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Spark a Lifelong Adventure of Learning: Your Gift Makes a Difference!

The following is reposted from the Library of Congress blog. This is a guest post by Sue Siegel, director of development for the Library.

The Library is one of the greatest gifts the United States Congress has given to the American people. Its support provides a foundation of excellence in collecting, preserving and providing access to knowledge. There is so much to discover, not only the nation’s memory, but the world’sinformation from all corners of the earth, in more than 470 languages. With millions of items available online, you can access the Library’s treasures from anywhere.

The Library is strengthened by donations from people like you. Your gift supports free programs that enrich the lives of millions of people across the nation and around the world and continues a legacy of philanthropy.

Transformative gifts like those from Elizabeth Sprague Coolidge, Gertrude Clarke Whittall, John W. Kluge,  Jay I. Kislak and David Woodley Packard and gifts of all sizes bring the Library to life with music, dance, film, sound, culture, scholarship, research, discussions and ideas. Your gift, no matter the size, will support diverse programs that make the Library’s treasures and services more accessible.

Why Give to the Library?

Your gift can help

  • Acquire and preserve rare and unique items that are important to our history.
  • Make the unique and universal collections of the Library accessible to the public through exhibitions, digitization and other means.
  • Develop scholars and grow new scholars.
  • Spark the imagination of people of all ages with programs that open the Library’s doors wide to as many people as possible.

At this time of the year, we would especially like to thank our generous donors for support that inspires curiosity, ignites conversations and illuminates minds.

The Library of Congress is your library, your gateway, to understanding the world. Please make your gift to spark a lifelong adventure of learning.

Canadian Courts Are Taking a Step Toward Corporate Liability of Multinationals for Wrongdoings Abroad

The following is a guest post by Marie-Philippe Lavoie, an intern who worked with Tariq Ahmad in the Global Legal Research Directorate of the Law Library of Congress this summer. The globalization of business has allowed multinational corporations to conduct economic activities that transcend national boundaries. These activities have had both a positive and a negative impact […]

Communicating with the Dead: Can the Unknown be Regulated?

The following is a guest post by Clare Feikert-Ahalt, a foreign law specialist at the Law Library of Congress covering the United Kingdom and several other jurisdictions. Clare has written a number of posts for In Custodia Legis, including two other Halloween-related posts titled “The Case of a Ghost Haunted England for Over Two Hundred […]

Acta de Independencia de Centro América — Pic of the Week

This is a guest post by Hazel Ceron, external relations assistant with the Law Library Office of External Relations. On this day 196 years ago (September 15, 1821), the Acta de Independencia de Centro América proclaimed independence for Costa Rica, El Salvador, Guatemala, Honduras and Nicaragua from Spain. In celebration of the 196th anniversary, today’s […]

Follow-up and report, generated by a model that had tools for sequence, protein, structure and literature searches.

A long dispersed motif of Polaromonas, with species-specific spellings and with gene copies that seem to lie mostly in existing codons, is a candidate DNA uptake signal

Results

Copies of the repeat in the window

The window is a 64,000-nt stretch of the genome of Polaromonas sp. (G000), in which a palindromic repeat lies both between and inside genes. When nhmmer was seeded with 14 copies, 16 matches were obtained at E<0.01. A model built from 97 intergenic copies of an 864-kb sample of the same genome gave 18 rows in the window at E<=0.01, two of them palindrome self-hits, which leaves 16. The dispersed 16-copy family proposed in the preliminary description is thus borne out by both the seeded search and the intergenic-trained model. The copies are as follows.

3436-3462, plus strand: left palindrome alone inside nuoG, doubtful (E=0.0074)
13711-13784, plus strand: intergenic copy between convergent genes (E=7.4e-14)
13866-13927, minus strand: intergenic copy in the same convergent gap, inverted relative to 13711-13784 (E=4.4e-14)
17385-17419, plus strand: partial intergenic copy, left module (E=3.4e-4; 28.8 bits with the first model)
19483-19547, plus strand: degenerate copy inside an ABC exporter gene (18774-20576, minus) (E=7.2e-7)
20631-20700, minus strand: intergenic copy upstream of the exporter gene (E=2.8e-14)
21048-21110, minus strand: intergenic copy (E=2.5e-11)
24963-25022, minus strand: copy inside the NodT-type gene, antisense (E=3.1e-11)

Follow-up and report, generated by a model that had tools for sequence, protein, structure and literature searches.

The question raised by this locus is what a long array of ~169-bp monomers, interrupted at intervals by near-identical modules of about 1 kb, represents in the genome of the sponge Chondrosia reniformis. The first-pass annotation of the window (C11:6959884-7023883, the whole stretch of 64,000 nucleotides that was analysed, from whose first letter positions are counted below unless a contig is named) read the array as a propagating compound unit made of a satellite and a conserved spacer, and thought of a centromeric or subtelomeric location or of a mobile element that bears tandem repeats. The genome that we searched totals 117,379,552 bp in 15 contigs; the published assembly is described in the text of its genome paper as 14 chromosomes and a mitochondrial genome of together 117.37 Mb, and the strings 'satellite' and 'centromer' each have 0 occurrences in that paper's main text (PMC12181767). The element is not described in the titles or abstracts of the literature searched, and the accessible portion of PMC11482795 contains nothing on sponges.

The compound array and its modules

Pioneering Women in Congress

The following is a guest blog post by Christina Miskey and Allison Bailund, Law Library metadata interns, University of Washington MLIS students, and women’s history buffs. Today is the 97th anniversary of the 19th amendment to the United States Constitution guaranteeing women the right to vote. In honor of this culmination of the women’s suffrage […]

“Would You Be Interested in Getting (Attorney General) William Wirt’s Head Back?” Rebecca Roberts Brings Us a Tale From the Congressional Cemetery

This is a guest post by Rebecca Boggs Roberts. Rebecca is a program coordinator at Smithsonian Associates, writer, and the former program director for the Historic Congressional Cemetery. In 2003, an unidentified man called the Historic Congressional Cemetery in Washington, D.C. and asked the cemetery manager, “Would you be interested in getting William Wirt’s head back?” The answer, of course, […]

Bringing Congress to the Classroom with a new Educational Resources Page

This is a guest post by Laura Read Lee, a Junior Fellow in the Digital Resources Division of the Law Library of Congress. In this post, Laura describes the new page that she designed, “Bringing Congress to the Classroom.” The Digital Resources Division of the Law Library of Congress has recently launched a new webpage […]

A Guide to Researching EU Law

The following is a guest post by Micaela DelMonte, a lawyer from the European Parliamentary Research Service who volunteered at the Law Library of Congress during May 2017. News about Brexit and the so-called Article 50 procedure have dominated the news about the European Union (EU) lately. If you are interested in researching these or […]

Proxy Voting in France

The following is a guest post from Nicolas Boring, foreign law specialist covering French speaking jurisdictions at the Law Library of Congress. France has just finished its election season!  French citizens elected Emmanuel Macron as their new president earlier in May, and they returned to the voting booths on June 11 and June 18 for parliamentary […]